Somewhat belatedly, I wanted to comment on the New York Times Op-Ed by Mark Taylor that addresses some of the flaws of the current academic system and proposes some solutions. The central problems that Taylor highlights in his article are that academic departments are too isolated from one another and from the world, and that there aren't enough academic positions for all of the people who are getting doctoral degrees these days. Taylor makes some very good points, but his article is strongly influenced by his experiences in a humanities department, and I am not sure how relevant his suggestions are for a science department.
Astronomy suffers from many of the same problems Taylor describes. There are far more graduate students and post-doctoral researchers than there are tenured professorial positions, and yet students are trained as if they were all to be professors. However, science students are often not paying their own tuition (it is paid by the grant of a supporting professor) and there are more options for science students outside of tenure-track positions because of the many sources of external funding that support scientific research. Unlike the humanities, there are a variety of scientific programming and research positions for graduates who are not seeking professorial positions. These positions are aligned with the education students receive through their doctoral research.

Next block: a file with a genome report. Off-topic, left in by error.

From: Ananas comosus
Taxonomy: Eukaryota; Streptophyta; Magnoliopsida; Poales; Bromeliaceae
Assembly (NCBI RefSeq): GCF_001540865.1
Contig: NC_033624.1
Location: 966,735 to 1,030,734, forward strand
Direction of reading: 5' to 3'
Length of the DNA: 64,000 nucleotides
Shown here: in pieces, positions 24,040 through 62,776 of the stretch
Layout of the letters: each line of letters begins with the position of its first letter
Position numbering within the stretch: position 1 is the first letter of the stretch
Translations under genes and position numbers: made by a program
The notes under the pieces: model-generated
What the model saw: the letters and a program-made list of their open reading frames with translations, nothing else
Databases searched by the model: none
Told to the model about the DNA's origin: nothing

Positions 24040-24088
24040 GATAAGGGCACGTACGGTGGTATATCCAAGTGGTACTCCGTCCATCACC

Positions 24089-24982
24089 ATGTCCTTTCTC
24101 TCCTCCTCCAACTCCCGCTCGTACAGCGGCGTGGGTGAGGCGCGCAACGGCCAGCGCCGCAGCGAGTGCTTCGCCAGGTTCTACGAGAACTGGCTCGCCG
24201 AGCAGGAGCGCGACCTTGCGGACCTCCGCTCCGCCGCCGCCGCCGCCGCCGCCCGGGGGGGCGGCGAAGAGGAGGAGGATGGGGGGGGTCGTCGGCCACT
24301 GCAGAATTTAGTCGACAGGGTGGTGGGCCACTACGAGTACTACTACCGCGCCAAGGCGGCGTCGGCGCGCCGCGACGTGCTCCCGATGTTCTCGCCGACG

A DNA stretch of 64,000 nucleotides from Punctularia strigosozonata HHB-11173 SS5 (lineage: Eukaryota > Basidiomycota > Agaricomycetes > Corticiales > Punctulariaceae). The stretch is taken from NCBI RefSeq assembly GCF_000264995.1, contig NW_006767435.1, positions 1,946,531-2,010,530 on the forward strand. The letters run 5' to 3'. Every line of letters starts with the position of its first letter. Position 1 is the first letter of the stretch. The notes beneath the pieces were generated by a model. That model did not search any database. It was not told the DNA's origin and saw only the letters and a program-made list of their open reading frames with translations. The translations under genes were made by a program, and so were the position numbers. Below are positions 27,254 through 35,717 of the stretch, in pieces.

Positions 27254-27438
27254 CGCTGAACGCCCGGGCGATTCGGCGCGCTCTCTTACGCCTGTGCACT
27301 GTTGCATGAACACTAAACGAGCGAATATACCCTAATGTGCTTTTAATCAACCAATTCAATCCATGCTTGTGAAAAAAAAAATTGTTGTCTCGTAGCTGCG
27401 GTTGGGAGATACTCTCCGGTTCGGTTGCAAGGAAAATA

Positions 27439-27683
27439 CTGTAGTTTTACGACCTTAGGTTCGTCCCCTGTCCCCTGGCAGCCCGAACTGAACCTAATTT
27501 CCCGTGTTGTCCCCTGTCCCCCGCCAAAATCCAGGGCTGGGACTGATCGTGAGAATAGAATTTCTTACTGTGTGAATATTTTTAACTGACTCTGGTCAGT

This isn't to say that there is not a major problem in scientific disciplines concerning the ratio of student positions to professional positions. Rather, it is that the problem may not be as closely tied to tenure and the longevity of tenured professors as in the humanities. The problem may be that professional positions available to graduating students are being occupied by the students themselves. Scientific research in the United States relies on a large pool of skilled labor. Currently, this labor is being bought at well under market price in the form of cheap graduate student researchers. If more of these positions were filled by full-time research professionals, we might have a healthier employment system for scientific academia.
The problem is that this raises the price of research in the United States and may result in a reduction in the total number of projects (and therefore, researchers) that can be supported. From the perspective of researchers, this may be a healthier state of affairs--to not be misled into spending 5-7 years underpaid as a graduate student only to find that the only way to continue to do what you've been trained to do is to continue to be underpaid. But unlike in the humanities, science graduate students usually have not accumulated debt beyond their undergraduate education and they have been supported (however cheaply) through this process. The solution, then, may simply be to ensure that prospective graduate students in science are well-informed about what employment prospects they should expect after they file their dissertation.